Germans celebrate Day of Unity Tuesday
Sixteen years ago, East and West Germany became one country

Petra Lessoing
Kaiserslautern American

Germans observe Unity Day Tuesday. It is a legal holiday; official institutions, banks and stores are closed.


On Oct. 3, 1990, the former German Democratic Republic and the Federal Republic of Germany were officially reunited.  The process of reunification started in 1989. During September and October of that year, East Germans demonstrated for democratic reforms and the right to travel to Dresden, Leipzig, Halle, Schwerin and other towns.

Chief of State, Erich Honecker was dismissed from his top position Oct. 18. The new political office announced the opening of the borders to the Federal Republic of Germany and the border gates along the Berlin wall the night of Nov. 9, 1989.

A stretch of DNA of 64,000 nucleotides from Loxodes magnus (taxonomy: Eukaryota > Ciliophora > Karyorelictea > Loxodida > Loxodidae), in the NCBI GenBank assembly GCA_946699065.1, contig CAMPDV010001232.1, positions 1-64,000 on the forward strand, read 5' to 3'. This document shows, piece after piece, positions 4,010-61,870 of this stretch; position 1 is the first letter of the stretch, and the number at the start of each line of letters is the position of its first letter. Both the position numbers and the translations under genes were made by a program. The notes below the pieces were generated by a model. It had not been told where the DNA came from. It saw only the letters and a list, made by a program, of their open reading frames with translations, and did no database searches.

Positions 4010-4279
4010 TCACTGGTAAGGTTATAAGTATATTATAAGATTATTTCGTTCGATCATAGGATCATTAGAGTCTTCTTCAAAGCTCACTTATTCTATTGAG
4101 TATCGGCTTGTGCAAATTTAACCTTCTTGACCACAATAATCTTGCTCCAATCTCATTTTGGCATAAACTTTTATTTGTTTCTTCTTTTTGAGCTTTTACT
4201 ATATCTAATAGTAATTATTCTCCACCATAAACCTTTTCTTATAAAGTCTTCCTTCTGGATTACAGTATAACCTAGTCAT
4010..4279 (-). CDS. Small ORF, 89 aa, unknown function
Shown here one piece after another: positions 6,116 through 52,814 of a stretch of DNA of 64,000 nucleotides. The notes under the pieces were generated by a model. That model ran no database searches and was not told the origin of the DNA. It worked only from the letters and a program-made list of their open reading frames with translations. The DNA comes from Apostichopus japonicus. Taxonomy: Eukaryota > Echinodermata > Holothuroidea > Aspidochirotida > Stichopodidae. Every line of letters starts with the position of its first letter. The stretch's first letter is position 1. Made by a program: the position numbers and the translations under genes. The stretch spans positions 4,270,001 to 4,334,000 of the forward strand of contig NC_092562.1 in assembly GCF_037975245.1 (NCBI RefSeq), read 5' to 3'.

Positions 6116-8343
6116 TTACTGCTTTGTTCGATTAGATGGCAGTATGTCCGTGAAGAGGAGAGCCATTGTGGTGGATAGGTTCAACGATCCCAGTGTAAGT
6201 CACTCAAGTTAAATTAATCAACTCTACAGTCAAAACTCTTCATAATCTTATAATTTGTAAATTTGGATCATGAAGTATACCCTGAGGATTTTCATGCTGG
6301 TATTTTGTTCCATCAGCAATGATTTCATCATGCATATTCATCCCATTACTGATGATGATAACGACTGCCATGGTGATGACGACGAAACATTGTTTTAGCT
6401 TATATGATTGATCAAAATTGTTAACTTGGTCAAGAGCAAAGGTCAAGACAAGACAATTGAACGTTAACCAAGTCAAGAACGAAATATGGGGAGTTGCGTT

Over the next three days, more than three million East Germans crossed the border into West Germany just to celebrate, sightsee and purchase goods, which they were not able to obtain in the east.

The wall, a symbol of the Cold War for 28 years, was torn down during the following weeks and months, and pieces were sold as souvenirs.
East Germany’s first free elections in 40 years were held March 18, 1990, and citizens elected a new government. Basic changes concerning the country’s economy, currency, social laws and jurisdiction were established by state contracts May 18 and Aug. 31.

Finally, Oct. 3, 1990, the German Democratic Republic ceased to exist. After 40 years, it vanished from the world political map.